Published On: Tue, May 10th, 2011

Growing opportunities for plastics-to-fuel technologies in the US: study

The American Chemistry Council recently released a study conducted by 4R Sustainability, Inc. on increasing opportunities for plastics-to-fuel “conversion technologies” in the U.S.

Although U.S plastics are made primarily from natural gas, these innovative technologies are effectively turning non-recycled plastics into crude oil and other fuels, helping to create a reliable source of alternative energy from an abundant, no-cost feedstock, and diverting this potentially valuable material from landfills. Many of these technologies are already being implemented on a commercial scale in Europe and Asia.
In 2009, the U.S. recycled over four billion pounds of plastics. This study demonstrates that the U.S. has the ability to recycle and recover more plastics through innovative technologies, including those that convert plastics into oil and other fuels.
“As the United States seeks cost-effective sources of alternative energy, the potential to recover non-recycled plastics is enormous,” says Steve Russell, vice president of plastics for the American Chemistry Council. “According to scientists at Columbia University, if the United States were to recover the energy from our non-recycled plastics, this material could be converted into enough energy to fuel the equivalent of six million cars annually.”
The American Chemistry Council funded the study — “Conversion Technology: A Complement to Plastics Recycling” — to examine available technologies, feedstocks, growth models for technology abroad and in North America, opportunities and barriers, and outlook for growth in the U.S.
The information presented is intended to help inform government officials, plastics reclaimers, materials recovery facility managers, and investors about the range of available technologies and under what conditions each could fit in commercial or community waste management plans.

The American Chemistry Council recently released a study conducted by 4R Sustainability, Inc. on increasing opportunities for plastics-to-fuel “conversion technologies” in the U.S.
Although U.S plastics are made primarily from natural gas, these innovative technologies are effectively turning non-recycled plastics into crude oil and other fuels, helping to create a reliable source of alternative energy from an abundant, no-cost feedstock, and diverting this potentially valuable material from landfills. Many of these technologies are already being implemented on a commercial scale in Europe and Asia.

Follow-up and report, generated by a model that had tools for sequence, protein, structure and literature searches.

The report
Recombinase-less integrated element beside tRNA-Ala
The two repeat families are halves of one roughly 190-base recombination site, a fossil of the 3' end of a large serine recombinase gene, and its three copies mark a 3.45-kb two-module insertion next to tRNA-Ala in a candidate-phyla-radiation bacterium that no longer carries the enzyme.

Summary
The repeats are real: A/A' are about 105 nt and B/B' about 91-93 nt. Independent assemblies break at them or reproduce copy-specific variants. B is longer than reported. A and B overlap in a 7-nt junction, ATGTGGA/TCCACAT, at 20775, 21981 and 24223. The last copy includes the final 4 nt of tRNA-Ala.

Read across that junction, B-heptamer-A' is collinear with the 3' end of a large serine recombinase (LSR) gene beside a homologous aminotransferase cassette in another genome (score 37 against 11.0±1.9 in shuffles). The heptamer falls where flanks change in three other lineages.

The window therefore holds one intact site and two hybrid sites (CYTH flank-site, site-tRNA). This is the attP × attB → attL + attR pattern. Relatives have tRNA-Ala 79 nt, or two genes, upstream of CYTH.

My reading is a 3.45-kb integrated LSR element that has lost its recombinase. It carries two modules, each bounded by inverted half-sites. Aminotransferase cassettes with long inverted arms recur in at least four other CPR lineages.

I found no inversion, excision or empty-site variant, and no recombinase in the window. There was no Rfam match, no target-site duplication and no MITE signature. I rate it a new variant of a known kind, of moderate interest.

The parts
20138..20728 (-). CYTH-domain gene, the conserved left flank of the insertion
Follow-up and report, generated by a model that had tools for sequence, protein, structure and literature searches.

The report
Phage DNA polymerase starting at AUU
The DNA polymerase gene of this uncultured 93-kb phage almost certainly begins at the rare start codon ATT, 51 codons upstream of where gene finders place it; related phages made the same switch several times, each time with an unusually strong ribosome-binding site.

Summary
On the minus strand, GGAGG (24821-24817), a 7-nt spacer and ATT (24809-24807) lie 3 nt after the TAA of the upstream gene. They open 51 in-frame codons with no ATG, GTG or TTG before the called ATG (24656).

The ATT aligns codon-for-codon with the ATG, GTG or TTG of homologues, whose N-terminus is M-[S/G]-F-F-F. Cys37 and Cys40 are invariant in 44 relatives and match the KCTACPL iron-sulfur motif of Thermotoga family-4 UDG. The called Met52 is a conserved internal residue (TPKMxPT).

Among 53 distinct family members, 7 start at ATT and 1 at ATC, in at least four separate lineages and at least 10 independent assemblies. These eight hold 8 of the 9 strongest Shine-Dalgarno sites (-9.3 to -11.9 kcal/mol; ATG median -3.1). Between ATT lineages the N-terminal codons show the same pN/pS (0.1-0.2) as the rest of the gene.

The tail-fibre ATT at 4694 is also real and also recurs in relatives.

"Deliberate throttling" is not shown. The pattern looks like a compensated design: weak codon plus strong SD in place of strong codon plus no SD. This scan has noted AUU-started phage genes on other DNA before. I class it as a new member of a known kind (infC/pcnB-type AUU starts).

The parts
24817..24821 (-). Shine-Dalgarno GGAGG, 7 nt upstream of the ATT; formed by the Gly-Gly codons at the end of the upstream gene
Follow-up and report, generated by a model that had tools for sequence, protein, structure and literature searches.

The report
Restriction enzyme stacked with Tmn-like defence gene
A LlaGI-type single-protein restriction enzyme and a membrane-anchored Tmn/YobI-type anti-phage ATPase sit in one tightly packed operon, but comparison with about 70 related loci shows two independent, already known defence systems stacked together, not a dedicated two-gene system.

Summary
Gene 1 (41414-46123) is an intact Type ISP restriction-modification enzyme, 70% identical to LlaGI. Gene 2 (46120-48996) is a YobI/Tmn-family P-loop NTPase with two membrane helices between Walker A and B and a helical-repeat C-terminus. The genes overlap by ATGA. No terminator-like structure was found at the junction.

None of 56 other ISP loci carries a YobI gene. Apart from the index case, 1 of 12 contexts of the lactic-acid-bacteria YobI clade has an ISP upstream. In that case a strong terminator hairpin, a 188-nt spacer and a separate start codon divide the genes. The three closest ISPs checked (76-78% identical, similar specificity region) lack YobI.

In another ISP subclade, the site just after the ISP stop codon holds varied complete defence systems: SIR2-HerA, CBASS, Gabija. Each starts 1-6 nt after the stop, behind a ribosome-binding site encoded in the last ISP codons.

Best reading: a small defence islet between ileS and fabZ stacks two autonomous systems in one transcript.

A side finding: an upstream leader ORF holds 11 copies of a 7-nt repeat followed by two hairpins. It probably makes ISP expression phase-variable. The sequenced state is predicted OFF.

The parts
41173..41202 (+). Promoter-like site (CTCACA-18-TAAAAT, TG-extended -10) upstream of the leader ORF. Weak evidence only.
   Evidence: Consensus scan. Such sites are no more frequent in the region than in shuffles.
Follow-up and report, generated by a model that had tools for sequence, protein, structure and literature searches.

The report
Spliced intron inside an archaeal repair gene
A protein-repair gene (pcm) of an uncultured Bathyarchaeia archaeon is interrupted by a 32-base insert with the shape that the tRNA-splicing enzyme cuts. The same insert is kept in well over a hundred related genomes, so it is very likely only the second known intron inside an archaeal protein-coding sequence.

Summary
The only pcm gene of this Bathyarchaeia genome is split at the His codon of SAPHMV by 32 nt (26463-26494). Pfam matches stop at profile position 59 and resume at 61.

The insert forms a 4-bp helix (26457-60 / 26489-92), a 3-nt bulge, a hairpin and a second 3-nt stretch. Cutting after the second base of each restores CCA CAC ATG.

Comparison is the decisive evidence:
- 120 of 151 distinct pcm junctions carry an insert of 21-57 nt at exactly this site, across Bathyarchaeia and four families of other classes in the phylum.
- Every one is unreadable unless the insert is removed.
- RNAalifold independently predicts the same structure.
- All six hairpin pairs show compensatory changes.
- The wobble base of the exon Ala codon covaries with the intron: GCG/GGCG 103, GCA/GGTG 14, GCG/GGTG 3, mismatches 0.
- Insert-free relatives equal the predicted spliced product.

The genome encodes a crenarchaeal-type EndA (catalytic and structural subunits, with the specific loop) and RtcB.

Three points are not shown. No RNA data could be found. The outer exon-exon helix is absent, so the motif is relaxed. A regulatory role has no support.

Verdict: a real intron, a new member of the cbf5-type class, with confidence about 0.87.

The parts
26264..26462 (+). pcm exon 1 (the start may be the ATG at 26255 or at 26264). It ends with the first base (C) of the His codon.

In 2009, the U.S. recycled over four billion pounds of plastics. This study demonstrates that the U.S. has the ability to recycle and recover more plastics through innovative technologies, including those that convert plastics into oil and other fuels.
“As the United States seeks cost-effective sources of alternative energy, the potential to recover non-recycled plastics is enormous,” says Steve Russell, vice president of plastics for the American Chemistry Council. “According to scientists at Columbia University, if the United States were to recover the energy from our non-recycled plastics, this material could be converted into enough energy to fuel the equivalent of six million cars annually.”
The American Chemistry Council funded the study — “Conversion Technology: A Complement to Plastics Recycling” — to examine available technologies, feedstocks, growth models for technology abroad and in North America, opportunities and barriers, and outlook for growth in the U.S.
The information presented is intended to help inform government officials, plastics reclaimers, materials recovery facility managers, and investors about the range of available technologies and under what conditions each could fit in commercial or community waste management plans.

 

Source  : solidwastemag.com